Saturday, 19 April 2014

Inflammasomes: keeping the gut microbiota in check

Resident gut bacteria are important for digesting food, synthesizing nutrients, and controlling growth of pathogenic bacteria. Alterations in the gut microbiota can result in outgrowth of pathogenic organisms. Certain phyla of bacteria, namely Prevotellaceae and members of the TM7 phylum, elicit inflammation and have been associated with periodontal and inflammatory bowel disease (IBD).

This is the basis of an article by Elana Ehrlich and the article is being hosted by Qiagen.

Recently, mice deficient in the protein NLRP6 were shown to have a more colitogenic bacterial population with high representation of members of the Prevotellaceae and TM7 phyla. This colitogenic microbiota was transferable to neonatal and co-housed adult wild type mice. The altered microbiota stimulated CCL5 secretion which triggered chronic inflammation and increased incidence of spontaneous and induced IBD. NLRP proteins are components of inflammasomes, suggesting that NLRP6 inflammasomes are important for maintaining a healthy gut microbiota. These findings have implications for development of new treatment options for IBD. Analyzing inflammasome and related pathways such as autophagy, ER stress and innate and adaptive immunity, through real time PCR will expand our understanding of this process.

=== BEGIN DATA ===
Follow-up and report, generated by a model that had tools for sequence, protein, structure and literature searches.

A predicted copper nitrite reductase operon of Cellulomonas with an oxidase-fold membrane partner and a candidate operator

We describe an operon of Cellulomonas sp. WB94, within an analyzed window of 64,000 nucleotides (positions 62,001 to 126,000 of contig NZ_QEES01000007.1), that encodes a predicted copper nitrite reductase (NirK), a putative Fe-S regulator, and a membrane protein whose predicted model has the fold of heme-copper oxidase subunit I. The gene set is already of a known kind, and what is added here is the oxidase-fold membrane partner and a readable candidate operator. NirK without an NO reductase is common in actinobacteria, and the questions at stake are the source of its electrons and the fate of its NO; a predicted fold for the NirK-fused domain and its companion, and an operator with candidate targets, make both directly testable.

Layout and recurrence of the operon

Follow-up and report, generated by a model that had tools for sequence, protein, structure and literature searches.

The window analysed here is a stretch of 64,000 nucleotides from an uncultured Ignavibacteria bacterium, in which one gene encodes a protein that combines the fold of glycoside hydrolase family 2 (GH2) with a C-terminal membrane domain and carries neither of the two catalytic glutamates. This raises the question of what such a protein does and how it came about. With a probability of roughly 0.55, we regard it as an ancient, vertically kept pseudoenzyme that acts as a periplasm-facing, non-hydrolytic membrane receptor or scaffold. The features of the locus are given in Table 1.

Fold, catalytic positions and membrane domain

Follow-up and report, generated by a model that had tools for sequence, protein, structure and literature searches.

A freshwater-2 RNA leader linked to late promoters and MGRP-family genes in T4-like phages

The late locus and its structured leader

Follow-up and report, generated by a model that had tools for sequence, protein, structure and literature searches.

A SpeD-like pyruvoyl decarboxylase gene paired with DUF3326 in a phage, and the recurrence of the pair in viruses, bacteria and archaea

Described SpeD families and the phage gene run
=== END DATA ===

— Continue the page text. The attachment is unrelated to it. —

The full article can be accessed here: Qiagen

Posted by Tim Sandle